Makita powered saber saw.
The powered sabre saw is typically a larger more powerful jigsaw and is usually referred to generically as a reciprocating saw. The main distinction between the saber/reciprocating saw and the jigsaw is that its overall appearance is somewhat reminiscent of a saber sword. Its use in the hands is more typically against vertically standing objects unlike the jigsaw which has its primary use for cutting horizontally across surfaces. The saber saw consists of a reciprocating cutting implement, usually a toothed blade, to chiefly cut through wood and other various materials. Due to its large blades (relative to the jigsaw) its primary use is to slice material handily, rather than using the traditional circular saw in the application of building homes. It is also a handy implement when cutting into tight crevices.
The unpowered saber saw consists of handle that grips an interchangeable blade. It is primarily used in metal working and the building industry in situations where the object to be cut cannot be hindered by the frame of the hand held implement holding the blade, e.g. in metal working the hacksaw's frame doesn't allow for cuts to be made close to the blade where a hindrance would otherwise touch the frame. There are many similarly designed cutting implements that have the traditional saber saw's qualities but are not referred to as saber saws, these include the keyhole saw, and some Japanese varieties of woodwoorking tools, e.g., the kataba saw.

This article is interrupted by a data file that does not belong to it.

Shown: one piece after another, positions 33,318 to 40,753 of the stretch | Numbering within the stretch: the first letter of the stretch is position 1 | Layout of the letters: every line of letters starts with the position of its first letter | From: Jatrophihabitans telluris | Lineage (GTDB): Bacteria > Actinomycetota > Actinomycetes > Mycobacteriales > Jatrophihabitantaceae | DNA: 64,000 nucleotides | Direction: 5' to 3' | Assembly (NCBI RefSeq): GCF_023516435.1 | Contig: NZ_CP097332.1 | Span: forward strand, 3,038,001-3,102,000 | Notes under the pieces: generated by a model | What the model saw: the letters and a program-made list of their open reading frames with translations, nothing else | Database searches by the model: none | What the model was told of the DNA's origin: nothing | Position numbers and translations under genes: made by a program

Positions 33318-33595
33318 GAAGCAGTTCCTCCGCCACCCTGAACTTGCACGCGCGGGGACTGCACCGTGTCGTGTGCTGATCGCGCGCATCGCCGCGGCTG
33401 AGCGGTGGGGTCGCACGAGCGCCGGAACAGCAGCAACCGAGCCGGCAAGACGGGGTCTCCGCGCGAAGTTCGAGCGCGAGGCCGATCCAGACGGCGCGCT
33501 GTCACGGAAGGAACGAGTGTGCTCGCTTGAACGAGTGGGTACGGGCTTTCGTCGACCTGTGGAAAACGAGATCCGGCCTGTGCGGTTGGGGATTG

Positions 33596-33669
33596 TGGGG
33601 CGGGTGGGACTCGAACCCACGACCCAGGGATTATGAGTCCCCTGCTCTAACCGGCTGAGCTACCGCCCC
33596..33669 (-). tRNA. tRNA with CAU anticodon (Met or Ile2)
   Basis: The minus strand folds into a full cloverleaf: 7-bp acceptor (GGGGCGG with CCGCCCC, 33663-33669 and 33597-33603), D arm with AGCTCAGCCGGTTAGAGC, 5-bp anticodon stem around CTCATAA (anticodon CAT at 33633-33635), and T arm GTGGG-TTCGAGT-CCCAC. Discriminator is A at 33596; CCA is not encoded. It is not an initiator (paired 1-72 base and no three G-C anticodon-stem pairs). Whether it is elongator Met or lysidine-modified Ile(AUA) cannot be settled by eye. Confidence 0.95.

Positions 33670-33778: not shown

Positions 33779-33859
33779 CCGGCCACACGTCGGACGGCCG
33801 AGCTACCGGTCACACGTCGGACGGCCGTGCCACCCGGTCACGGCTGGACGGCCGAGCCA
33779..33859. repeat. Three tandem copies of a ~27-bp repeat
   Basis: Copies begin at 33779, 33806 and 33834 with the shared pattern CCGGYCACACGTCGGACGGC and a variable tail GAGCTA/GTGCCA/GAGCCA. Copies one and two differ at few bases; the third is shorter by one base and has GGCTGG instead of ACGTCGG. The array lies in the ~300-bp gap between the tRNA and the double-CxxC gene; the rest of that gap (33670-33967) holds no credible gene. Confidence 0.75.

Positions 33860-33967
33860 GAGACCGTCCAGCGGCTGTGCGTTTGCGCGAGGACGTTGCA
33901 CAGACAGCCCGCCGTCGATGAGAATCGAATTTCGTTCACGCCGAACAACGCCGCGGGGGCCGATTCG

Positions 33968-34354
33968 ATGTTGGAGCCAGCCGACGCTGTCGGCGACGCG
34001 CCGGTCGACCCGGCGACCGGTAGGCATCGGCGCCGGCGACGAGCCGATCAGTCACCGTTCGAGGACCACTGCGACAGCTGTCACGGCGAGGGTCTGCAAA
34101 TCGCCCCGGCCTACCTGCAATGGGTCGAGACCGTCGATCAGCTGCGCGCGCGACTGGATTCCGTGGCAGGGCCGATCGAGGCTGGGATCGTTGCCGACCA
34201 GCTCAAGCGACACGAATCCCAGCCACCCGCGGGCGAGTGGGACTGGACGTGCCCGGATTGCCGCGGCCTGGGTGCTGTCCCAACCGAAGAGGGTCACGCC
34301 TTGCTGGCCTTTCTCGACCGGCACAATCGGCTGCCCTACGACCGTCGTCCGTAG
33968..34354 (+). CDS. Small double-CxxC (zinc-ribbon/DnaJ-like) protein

High-end producers for sabre saws include FLEX, Fein, Bosch (blue line), AEG/Milwaukee/Atlas Copco, Hilti, Makita, Mafell, DeWalt/Elu, and Metabo.